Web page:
02/19/2015 6:06PM

Meadowlands: Gingras reviews Saturday stakes drives

Lisa Photo
Major Uptrend is the 8-5 morning line favorite in the sixth race on Saturday at the Meadowlands.

Stakes nights were among the best nights for 2014’s leading driver Yannick Gingras. With Saturday night’s stakes-filled program at the Meadowlands looming, Gingras is again in the driver’s seat for success. Horsepower is a great part of Gingras’ climb to the top of the ladder and again on Saturday he’ll have quality.

Perhaps his best chance to reach the winner’s circle in Saturday’s stakes action will come in the sixth race with Major Uptrend. The four-year-old gelding, a former $177,000 yearling purchase, has found his best stride in recent weeks and has an excellent chance in the $59,000 Sonsam final from post three.

“He showed a lot of class the night I let Rockeyed Optimist get right up to him. He fought back,” said Gingras, referring to the first leg of the Sonsam on February 7 at the Meadowlands. Major Uptrend held off his likely rival in Saturday’s finale by a nose. Last week he proved that the effort was no fluke with an inspiring 1:50 3/5 career-best performance. “It was like a walk in the park,” said Gingras.

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Major Uptrend has won three of his four starts this year when Gingras was in the bike.  The loss took place in a division of the Escort series in January. “I don’t know exactly what happened that night, he was running in a little bit,” said Gingras.

While Major Uptrend appears to have plenty of speed, soundness has clearly been an issue in the horse’s career that limited him to but 14 starts as a three-year-old. “I don’t know how far he can go,” said Gingras. “He’s not Foiled Again.”

Blocking The Way will be Gingras’ mount in the first stakes final of the evening, the $49,000 Charles Singer Memorial, carded as race two.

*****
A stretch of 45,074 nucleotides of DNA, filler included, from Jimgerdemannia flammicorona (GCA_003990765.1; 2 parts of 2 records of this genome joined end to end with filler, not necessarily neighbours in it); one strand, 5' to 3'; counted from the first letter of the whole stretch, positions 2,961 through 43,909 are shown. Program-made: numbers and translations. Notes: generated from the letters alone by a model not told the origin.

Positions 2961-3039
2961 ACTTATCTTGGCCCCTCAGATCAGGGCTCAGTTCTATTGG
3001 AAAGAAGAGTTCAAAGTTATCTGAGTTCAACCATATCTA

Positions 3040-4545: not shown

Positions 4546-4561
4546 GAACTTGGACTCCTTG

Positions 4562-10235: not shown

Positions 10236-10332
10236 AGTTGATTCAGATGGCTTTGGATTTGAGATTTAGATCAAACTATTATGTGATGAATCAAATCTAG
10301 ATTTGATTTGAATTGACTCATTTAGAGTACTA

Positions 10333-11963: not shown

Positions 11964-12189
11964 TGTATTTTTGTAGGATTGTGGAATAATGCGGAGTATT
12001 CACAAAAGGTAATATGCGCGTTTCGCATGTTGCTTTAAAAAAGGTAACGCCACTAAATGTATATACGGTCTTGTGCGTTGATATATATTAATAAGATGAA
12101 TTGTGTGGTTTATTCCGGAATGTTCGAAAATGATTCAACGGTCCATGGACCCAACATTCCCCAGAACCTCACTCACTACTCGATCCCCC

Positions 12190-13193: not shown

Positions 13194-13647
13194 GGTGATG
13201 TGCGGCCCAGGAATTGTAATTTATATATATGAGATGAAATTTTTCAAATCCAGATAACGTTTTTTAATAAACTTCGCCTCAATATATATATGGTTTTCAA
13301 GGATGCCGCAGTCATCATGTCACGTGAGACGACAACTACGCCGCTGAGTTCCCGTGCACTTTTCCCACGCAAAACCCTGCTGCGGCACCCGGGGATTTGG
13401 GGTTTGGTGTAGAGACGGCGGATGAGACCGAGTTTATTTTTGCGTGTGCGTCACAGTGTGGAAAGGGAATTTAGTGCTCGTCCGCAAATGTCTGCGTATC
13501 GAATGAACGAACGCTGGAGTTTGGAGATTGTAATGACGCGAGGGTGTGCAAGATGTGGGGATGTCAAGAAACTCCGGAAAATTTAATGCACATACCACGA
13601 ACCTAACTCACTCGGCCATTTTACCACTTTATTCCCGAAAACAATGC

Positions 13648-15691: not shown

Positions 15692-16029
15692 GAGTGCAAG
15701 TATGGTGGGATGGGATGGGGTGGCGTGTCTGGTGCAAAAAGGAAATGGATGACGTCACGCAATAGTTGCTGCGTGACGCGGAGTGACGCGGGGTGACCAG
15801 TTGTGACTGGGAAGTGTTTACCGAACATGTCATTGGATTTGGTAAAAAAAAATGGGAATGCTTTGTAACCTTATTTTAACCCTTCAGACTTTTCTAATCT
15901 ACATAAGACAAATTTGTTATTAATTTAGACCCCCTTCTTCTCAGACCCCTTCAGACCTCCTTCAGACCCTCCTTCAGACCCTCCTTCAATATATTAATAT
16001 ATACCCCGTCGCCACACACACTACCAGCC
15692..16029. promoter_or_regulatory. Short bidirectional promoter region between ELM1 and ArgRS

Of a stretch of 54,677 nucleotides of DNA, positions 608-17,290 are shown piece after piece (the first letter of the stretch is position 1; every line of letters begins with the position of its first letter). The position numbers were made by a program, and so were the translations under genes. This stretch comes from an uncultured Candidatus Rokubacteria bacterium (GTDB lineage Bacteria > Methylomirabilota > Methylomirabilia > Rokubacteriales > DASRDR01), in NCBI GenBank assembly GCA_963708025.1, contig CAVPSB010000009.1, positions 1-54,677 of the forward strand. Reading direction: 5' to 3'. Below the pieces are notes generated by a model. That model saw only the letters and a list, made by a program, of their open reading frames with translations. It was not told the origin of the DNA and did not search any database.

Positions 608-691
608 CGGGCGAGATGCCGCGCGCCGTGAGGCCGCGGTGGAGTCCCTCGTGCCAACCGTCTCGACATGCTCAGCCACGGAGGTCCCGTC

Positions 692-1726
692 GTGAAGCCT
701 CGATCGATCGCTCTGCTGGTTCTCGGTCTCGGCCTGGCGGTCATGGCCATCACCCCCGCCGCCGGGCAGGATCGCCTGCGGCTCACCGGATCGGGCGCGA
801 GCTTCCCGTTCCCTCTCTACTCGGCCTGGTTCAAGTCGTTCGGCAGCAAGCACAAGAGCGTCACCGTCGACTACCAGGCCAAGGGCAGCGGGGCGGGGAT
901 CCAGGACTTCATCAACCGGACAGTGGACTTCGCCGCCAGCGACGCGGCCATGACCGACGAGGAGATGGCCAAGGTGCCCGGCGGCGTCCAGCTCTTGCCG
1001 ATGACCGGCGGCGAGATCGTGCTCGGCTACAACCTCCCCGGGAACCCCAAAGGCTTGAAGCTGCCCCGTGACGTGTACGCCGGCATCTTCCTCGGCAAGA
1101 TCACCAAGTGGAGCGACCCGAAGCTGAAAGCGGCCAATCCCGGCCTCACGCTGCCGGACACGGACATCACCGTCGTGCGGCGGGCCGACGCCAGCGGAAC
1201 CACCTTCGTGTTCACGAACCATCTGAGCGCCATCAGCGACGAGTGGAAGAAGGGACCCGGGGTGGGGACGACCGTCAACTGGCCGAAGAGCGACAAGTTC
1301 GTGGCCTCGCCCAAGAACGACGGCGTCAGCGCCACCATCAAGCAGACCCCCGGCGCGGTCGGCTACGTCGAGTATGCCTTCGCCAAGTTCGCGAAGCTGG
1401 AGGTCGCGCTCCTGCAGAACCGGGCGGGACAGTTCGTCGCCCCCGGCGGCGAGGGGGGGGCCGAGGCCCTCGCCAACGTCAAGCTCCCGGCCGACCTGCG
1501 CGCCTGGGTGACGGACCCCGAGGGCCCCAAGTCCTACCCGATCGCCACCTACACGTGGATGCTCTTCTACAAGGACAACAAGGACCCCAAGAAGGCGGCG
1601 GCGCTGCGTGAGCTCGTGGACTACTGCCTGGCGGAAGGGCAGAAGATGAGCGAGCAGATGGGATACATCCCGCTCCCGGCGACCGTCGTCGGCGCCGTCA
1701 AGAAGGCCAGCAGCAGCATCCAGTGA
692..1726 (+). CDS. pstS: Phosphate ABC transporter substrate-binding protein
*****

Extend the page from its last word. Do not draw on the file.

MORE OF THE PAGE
“He drew better so I should be able to save ground,” said Gingras about the four-year-old gelding he guided to a fifth-place finish in this company last week.

“I think Andy’s (Miller) horse (Opulent Yankee) and JL Cruze are definitely the horses to beat in this race,” Gingras said.

The six-mare field in the $50,600 Burning Point final is very well matched and Gingras’ drive, Southwind Serenity, is perhaps as good as any in the field. The Ron Burke-trained miss hasn’t won in 2015 but she seems to be rounding into top form.

“She tied up in the second leg,” said Gingras. “She was much better last week.”

In the second preliminary to the Burning Point, Gingras was aggressive leaving with the daughter of Real Desire and then pulled out on the final turn when he sensed that favorite and pacesetter Witch Dali was not going to carry him to the wire.

“I knew I had Witch Dali beat, but Brett’s mare (Empress Deo) was getting a perfect trip and she got to me late,” Gingras said. For the Burning Point final Southwind Serenity has a post position edge over Empress Deo (post 5) and Witch Dali (post 6) that could play well for Gingras.

Two divisions of the William Buddy Gilmour for three-year-olds that were non-winners of 2 pari-mutuel races or $30,000 lifetime are scheduled at the Meadowlands with Gingras sitting behind a pair from the Ron Burke stable. Gingras will drive Coaster in the $17,500 first division (race five) on the program.

“I was very happy with the way he raced last week,” said Gingras. “That National Seelster is a nice horse.” Coaster will again meet up with National Seelster in this race starting from post eight while his rival, the likely race favorite, drew the pole position.

The second division of the Gilmour goes as race 12. The lightly-raced Shadow Recruit is Gingras’ assignment starting from post three. “I really like him a lot,” said Gingras. “But this is a tough spot with Wiggle It Jiggleit in the race. I mean that horse went a serious mile against real horses last time.”

Wiggle It Jiggleit is likely to be the heavy favorite despite landing post eight in this division. The Montrell Teague-driven gelding blew away older rivals with a vengeance scoring in 1:49 4/5 in a division of the Sonsam two weeks back. His connections obviously went for what should be the easier money against three-year-olds in the Gilmour rather than take on the aged performers in the Sonsam final.